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Here comes high school; A guide to your freshman year

Congratulations on making it through junior high school. You can just feel high school on the tips of your fingers. You can’t wait for that first football game, your first high school dance and your first high school romance. But, no matter how excited you are, you’re still anxious. And since the ACT is a couple of years away, what’s got you twisted?

Being a freshman. Even though there are a lot of good memories to be had during your first year in high school, it is also chock-full of stress. But there are a few things you can do to make sure that your freshman year goes as smoothly as possible.

You need to know that you’re not alone. Every other freshman is in the same shoes as you.

“It is daunting,” says Wendy Grolnick, author of "Pressured Parents, Stressed Out Kids” (Prometheus Books, $18.98) and professor at Clark University. Grolnick says high school is bigger, more impersonal and harder to negotiate. It doesn’t matter how much one of your classmates might think they know about high school; the truth is they’ve been in high school just as long as you.

“Most people don’t know where to start,” says Valerie Pierce, high school teacher and author of “Countdown to College: 21 ‘To-Do’ Lists for High School” (Front Porch Press, $10.95). And even though it might be hard to figure out how to take the first step, it’s crucial to take it as soon as possible.

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Maybe that first step is making sure you’re comfortable in your new surroundings. Grolnick suggests heading to the school before summer is over. Most of the time, you can get into the building and walk around. Go in and out of different doors. If you can, bring someone who went to or goes to the school along so they can show you around. This way, you get rid of any extra stress that you may have on your first day in the new building. You also want to get organized for your classes in advance. Gather all of your materials before school even starts.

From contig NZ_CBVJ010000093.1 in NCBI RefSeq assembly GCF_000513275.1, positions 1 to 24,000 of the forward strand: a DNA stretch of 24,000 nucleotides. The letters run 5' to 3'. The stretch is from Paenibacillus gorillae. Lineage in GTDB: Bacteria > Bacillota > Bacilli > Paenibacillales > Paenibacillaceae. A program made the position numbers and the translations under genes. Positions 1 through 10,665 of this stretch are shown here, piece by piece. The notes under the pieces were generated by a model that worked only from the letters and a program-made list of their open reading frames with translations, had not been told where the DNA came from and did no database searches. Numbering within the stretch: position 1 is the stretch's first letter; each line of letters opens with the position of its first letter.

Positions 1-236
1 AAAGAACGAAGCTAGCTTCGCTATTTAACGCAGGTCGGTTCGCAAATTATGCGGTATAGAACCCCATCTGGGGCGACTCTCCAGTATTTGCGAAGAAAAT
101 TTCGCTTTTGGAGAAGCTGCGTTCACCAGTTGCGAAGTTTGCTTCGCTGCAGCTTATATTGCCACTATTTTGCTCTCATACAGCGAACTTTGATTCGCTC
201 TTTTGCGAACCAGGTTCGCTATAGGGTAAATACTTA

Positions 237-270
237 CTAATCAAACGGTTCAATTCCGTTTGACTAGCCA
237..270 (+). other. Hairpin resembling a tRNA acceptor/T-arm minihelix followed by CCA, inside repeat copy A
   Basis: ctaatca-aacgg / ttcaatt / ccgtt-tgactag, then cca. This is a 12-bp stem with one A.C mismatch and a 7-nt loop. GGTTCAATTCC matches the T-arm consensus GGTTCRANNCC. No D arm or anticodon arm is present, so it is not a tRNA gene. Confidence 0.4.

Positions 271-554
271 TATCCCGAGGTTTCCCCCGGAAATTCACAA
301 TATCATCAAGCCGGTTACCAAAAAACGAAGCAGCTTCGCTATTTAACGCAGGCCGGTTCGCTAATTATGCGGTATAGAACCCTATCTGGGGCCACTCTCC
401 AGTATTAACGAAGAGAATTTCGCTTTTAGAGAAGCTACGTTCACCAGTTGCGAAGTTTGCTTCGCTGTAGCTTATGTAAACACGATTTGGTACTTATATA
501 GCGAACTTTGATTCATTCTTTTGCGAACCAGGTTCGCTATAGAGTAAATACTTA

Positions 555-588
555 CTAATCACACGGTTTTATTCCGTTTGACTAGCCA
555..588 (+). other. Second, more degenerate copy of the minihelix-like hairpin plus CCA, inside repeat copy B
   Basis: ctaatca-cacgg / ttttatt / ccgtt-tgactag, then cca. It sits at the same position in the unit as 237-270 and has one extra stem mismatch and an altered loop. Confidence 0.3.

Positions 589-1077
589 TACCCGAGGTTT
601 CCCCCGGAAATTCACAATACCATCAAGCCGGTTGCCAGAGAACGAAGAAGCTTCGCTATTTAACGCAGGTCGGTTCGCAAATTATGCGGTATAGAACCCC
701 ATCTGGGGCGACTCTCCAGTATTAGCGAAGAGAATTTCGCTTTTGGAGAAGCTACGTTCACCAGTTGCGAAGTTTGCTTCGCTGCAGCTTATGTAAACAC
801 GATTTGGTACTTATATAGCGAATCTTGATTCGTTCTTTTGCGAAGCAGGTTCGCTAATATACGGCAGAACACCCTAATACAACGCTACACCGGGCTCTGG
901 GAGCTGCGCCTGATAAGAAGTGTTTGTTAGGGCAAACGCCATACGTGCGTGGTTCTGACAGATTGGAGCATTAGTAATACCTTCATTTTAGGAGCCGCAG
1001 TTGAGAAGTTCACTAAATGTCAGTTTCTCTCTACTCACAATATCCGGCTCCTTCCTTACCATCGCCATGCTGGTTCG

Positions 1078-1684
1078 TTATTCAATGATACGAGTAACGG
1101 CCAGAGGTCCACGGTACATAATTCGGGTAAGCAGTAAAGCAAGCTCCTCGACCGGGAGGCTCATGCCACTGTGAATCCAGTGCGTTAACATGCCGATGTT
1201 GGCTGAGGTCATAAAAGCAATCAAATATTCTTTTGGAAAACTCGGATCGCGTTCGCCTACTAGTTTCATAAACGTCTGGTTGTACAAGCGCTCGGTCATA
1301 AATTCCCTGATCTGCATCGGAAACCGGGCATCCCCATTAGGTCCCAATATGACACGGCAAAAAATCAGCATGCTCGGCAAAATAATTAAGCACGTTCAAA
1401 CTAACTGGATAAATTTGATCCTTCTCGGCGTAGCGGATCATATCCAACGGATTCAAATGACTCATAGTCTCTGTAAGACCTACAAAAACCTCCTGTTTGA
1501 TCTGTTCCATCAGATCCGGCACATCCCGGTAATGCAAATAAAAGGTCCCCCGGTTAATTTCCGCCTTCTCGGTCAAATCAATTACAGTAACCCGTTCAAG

“Get a whole lot of information about requirements and curriculum,” says Grolnick.

Next, you want to get a sense of where your high school career is taking you. Pierce suggests “trying on” different things to find out what interests you. You might think you want to do something and after you try it, you end up hating it. Or you might think you’re not interested in something but once you give it a shot, you fall in love with it. Try out for different sports teams. Join all kinds of clubs.

“It’s the process of elimination,” says Pierce.

Another easy way to hone in on what your interests are is volunteering. Pierce tries to get her students to volunteer at least once a semester. That way, when they’ve graduated, they had the chance to experience eight different professions. Websites, like, can help you find volunteer opportunities that you’re interested in and fit your lifestyle. When you have time outside of the classroom, talk to teachers who are educated in fields that relate to what you are attracted to. You’ll not only get good information from them but also network with teachers you’ll be spending the next few years with.

Finally, you want to make sure to take your freshman year seriously.

“It’s really going to be a year that sets the stage and sets the tone,” says Kristen Campbell, director of college prep programs at Kaplan Test Prep and Admissions. In just two years, you’ll be deciding where you want to head after high school. The last thing you want to do is slack off.

“Set your high school experience off on the right foot,” says Campbell.

She also says that coursework is going to be a little more challenging. Understand that the academic rigor of high school is going to be harder than what you’ve experienced in the past but you can handle it if you dedicate time to your studies. It takes four years to create a grade point average but it only takes one bad semester to tarnish it. If things do take a turn for the worse, you can’t go running to mommy and daddy anymore. You have to make your own choices and are responsible for your own grades. That being said, there’s no reason you can’t look to your parents for help with your work you’re struggling with. In a survey conducted by Kaplan, 81 percent of teens involved their parents in their academic work.

Freshman year is no walk in the park, no doubt about it.

“Take it slow,” says Grolnick.

“Realize that it’s normal to be worried and scared.” If you’re well prepared, it will most certainly make your first year a lot easier, letting you focus on things you really care about, like who you want to go to Homecoming with.

© 2010, Tribune Media Services